Almost instantly upon entry and opening my legs, I was greeted with shouts of "STOP!" or whistles from Park Officers in uniform bearing their famous red sticks (that look light light sabres!).

After a horrible 60 minute run consisting of countless pedestrian crossings and traffic lights, I showered and decided research was required for my intended 10 mile run on Day 2!

In the pouring, sodden rain, I headed for the Imperial Palace, which my research reliably informed me was the running capital of Tokyo. Upon exiting the tube station and jogging the 300 yards to so to the Palace, I was greeted with probably more runners than I would see in a year in my hometown of Woodbridge in Suffolk!

Never before have I seen so many shiny bright coloured tracksuits, fluorescent shoes, ear muffs, elaborate headphones and handheld water bottles!

Surrounding the Imperial Palace and the Gardens/Moat is a 5k loop. How do I know it was 5k? Because there are distance markers on the pavement/sidewalk telling you so!

I was able to complete three loops, which combined with my journey to and from the tube station each way got me my 10 miles. It was nice for the confidence to pass so many people, although quite demoralising to be eaten up and spat back out by some many packs of flying locals!
Later in the week I was also able to track a park that allows running - Yoyogi Park - and there were quite a few others pounding the walkways, so it was nice to see some greenery on a run, even if, being February, all the trees were looking slightly bare!

Tokyo has a strange climate in that Winter is very dry, but very cold, whilst Summer is very hot but very wet. The best times to visit are March-April when the flowers and the trees begin to bloom. However, I was here in February and whilst it was cold (around 7-10 degrees C), it was still very pleasant.

You are absolutely fine to run with your headphones, and Tokyo is one of the safest places I have been, so you will be fine to run with your iPhone or MP3 player and Garmin. Still be careful to be sensible though when running at night, and maybe take a business card for your hotel/hostel and some cash in case you get lost - far easier than asking for directions in Japanese!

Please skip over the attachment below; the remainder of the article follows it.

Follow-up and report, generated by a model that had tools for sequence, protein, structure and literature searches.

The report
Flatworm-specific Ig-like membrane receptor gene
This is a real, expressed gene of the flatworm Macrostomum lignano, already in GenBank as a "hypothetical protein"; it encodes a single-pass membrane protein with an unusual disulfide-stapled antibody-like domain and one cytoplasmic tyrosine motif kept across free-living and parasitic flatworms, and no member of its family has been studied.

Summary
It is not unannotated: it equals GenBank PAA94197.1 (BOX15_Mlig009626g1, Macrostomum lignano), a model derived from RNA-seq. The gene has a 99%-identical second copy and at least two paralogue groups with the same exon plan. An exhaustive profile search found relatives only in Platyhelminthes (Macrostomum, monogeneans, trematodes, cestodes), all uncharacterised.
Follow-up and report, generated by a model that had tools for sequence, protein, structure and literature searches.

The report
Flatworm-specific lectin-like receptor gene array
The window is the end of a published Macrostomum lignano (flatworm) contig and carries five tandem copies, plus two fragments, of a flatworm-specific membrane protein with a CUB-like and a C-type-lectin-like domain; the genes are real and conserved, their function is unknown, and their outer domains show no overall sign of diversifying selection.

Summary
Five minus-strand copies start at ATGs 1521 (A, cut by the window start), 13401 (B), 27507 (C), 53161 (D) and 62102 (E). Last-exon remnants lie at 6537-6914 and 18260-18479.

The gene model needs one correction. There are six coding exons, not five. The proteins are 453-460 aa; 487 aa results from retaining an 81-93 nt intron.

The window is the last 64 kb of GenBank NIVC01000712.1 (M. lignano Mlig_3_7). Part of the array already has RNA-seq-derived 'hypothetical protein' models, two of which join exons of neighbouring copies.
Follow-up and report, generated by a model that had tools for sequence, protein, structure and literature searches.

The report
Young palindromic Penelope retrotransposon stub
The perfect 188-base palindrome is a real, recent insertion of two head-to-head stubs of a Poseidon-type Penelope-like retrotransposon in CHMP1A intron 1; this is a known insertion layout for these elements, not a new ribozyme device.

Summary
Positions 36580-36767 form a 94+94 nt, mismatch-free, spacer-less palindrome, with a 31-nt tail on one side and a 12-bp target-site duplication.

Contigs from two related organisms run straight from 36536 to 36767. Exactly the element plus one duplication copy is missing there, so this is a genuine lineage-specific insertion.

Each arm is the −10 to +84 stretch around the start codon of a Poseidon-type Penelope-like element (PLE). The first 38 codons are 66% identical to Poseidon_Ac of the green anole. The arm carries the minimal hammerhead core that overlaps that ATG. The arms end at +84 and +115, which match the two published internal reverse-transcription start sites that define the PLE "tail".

For anyone lucky enough to visit Tokyo - don't be put off but anything I have said - yes there are not too many places to run, and even fewer open parks to stretch your legs. However, being part of the Imperial Palace daily swarm of runners, which so typifies everything about this incredible city, is an experience you cannot and must not miss out on!

You can follow me and my blog on Twitter @fairboyruns, Instagram @tomlfairbrother or on Facebook. You can also follow my running progress on Power of 10

Summary - 5k Route

Start - Either Takebashi or Kudanshita Metro Stations  
(Both to the north entrance of Imperial Palace entrance)

Simply follow the walkway as it circles the perimeter of the Imperial Palace Gardens.

The north side of the Palace is far higher than the South, so depending on how you want your run, keeping the moat to your left hand side will mean the first half of your run is downhill and the second uphill.

Obviously if you want to have the first half of your run uphill, with a downhill finish, you will need to get off the metro at one of the southern stops, so try Sakuradamon or Nagatacho.

The metro stations are all coded (U3, S2 etc) so don't worry about having to remember of translate some of the long Japanese names!

Use the distance markers on the gold plaques to establish the distance, and do as many loops of the 5k as you feel up for!


You can follow daily updates from the blog on Twitter @runworldguide or on Facebook at

I have written over 30 other city guides, including Sydney, Rio de Janeiro, Paris and San Francisco, which you can find using the links on the right of the page!